Martin Grubinger, a web developer from Austria

Trigger download of remote images with Next.js

Next.jsReactNode.js

Recently I needed to create a component in a Next.js app that triggers a fiel download prompt. Typically, using the download attribute on the link to the file would be enough to trigger a download instead of opening the file directly in the browser.

This would be an example to ask the browser to open the download dialog for the file (instead of opening it):

<a href="/path/to/my/file.jpg" download>Download file.jpg</a>

(additionally you could provide a custom filename, like this: download="othername.jpg")

“download” attribute does not work for images on a different origin

As it turns out, the download attribute only works for same-origin resources. In my application the images are living on a different server, therefore this approach fails (i.e. the browser ignores download attribute and simply opens the file directly).

The solution

I decided to use a fairly new feature of Next.js: API routes

The aim is to create an API endpoint that takes the URL to the file as a parameter and acts as a simple proxy to the target server. Before sending it back to the user the proxy sets the Content-Disposition header, in order to trigger a download.

Here’s what the final function looks like:

const request = require("request");

export default (req, res) => {
  // path to file
  const filePath = req.query.filename;     

  // filename only
  const fileName = filePath.substring(filePath.lastIndexOf("/") + 1);

  // set header
  res.setHeader("content-disposition", "attachment; filename=" + fileName);

  // send request to the original file
  request
    .get(process.env.REMOTE_URL + filePath) // download original image
    .on("error", function(err) {
      res.writeHead(404, { "Content-Type": "text/html" });
      res.write("<h1>404 not found</h1>");
      res.end();
      return;
    })
    .pipe(res); // pipe converted image to HTTP response
};

Now, I can link to /api/proxy?filename=public/mybeautifulpicture.jpg to trigger a download prompt in the browser, even if the file is on a different domain.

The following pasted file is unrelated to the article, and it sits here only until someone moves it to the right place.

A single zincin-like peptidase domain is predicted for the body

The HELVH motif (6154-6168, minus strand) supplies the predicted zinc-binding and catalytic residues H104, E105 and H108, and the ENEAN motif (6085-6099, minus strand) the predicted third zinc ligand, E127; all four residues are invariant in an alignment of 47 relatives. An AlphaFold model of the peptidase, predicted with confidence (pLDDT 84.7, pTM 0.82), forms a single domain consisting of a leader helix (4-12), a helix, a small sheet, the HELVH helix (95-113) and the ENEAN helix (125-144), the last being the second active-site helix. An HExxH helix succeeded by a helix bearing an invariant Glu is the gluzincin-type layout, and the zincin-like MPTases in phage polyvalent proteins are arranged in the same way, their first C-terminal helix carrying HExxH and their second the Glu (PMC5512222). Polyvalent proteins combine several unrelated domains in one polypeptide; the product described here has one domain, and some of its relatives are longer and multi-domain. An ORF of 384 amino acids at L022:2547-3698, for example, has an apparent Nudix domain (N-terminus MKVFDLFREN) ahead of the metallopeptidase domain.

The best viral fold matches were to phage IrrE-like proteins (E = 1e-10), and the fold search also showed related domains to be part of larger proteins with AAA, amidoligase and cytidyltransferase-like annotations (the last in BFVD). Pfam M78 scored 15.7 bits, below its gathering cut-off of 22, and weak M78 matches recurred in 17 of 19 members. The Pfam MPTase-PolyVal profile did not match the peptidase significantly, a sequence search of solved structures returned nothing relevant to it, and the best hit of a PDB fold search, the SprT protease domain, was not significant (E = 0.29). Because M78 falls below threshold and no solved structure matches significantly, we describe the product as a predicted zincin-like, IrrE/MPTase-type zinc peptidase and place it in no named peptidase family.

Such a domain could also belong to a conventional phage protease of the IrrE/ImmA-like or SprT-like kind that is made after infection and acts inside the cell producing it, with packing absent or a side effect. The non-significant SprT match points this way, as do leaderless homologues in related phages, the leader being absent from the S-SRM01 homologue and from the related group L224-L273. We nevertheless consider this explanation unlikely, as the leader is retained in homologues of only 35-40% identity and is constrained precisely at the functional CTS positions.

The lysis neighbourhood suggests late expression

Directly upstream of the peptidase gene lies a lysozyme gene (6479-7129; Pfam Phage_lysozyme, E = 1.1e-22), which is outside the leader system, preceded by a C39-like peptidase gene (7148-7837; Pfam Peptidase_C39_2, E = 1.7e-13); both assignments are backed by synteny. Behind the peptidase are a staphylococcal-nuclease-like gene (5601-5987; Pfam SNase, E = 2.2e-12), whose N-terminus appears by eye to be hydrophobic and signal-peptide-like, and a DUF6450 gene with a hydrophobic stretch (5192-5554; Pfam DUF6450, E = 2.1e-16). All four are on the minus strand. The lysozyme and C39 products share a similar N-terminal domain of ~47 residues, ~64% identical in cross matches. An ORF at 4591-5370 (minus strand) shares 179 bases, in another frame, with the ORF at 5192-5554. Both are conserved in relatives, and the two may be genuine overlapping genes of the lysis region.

Be aware of potential Server Side Request Forgery (SSRF) vulnerability when using the url to the file directly. Thanks to Thomas Konrad for pointing this out! 🙏

Bonus: zip multiple files on the fly before downloading

As an addition to above solution, I implemented a way to request multiple files from the remote server, which are zipped up on the fly before delivered to the user. Using this approach, there’s no need to do a cleanup job to remove generated zips from the server after the user has downloaded them.

Using the following script, I can request a zip of multiple files by sending a POST request e.g. to /api/zip with a body of {files: ["file1.jpg", "file2.jpg"]}.

This is a proof of concept implementation. You might want to add some checks like an allow-list (formally known as white-list) and limits to prevent potential malicious usage.

// file: api/zip.js
var async = require("async");
var request = require("request");
var archiver = require("archiver");

export default (req, res) => {
  
  // name of final zip file
  const zipFileName = "downloads.zip";

  // check for "files" in request body
  if (req.body.files == undefined || req.body.files == "") {
    outputError(res);
    return;
  }

  // split up files
  let filesArray = req.body.files.split(",");

  // check if files is an array
  if (!Array.isArray(filesArray)) {
    outputError(res);
    return;
  }

  // prepend every file with the base url of the remote server
  // this assumes REMOTE_URL is set as an environment variable
  filesArray = filesArray.map(f => process.env.REMOTE_URL + f);

  // set content-disposition header
  res.setHeader("content-disposition", "attachment; filename=" + zipFileName);

  // zip them files
  zipURLs(filesArray, res);
};

/**
 * Zip files and send it as response
 * @param urls {array} files to zip
 * @param outStream the response object
 */
function zipURLs(urls, outStream) {
  var zipArchive = archiver.create("zip");

  async.eachLimit(urls, 3,
    function(url, done) {
      try {
        var stream = request.get(url);
      } catch (error) {
        outputError(outStream);
        return;
      }

      stream
        .on("error", function(err) {
          return done(err);
        })
        .on("end", function() {
          return done();
        });

      // Use the last part of the URL as a filename within the ZIP archive.
      zipArchive.append(stream, { name: url.replace(/^.*\//, "") });
    },
    function(err) {
      if (err) throw err;
      zipArchive.pipe(outStream);
      zipArchive.finalize();
    }
  );
}

/**
 * Output 404 Error
 * @param res 
 */
function outputError(res) {
  res.writeHead(404, { "Content-Type": "text/html" });
  res.write("<h1>Whoops, something went wrong</h1>");
  res.end();
}

Let me know what you think about this approach: @mgrubinger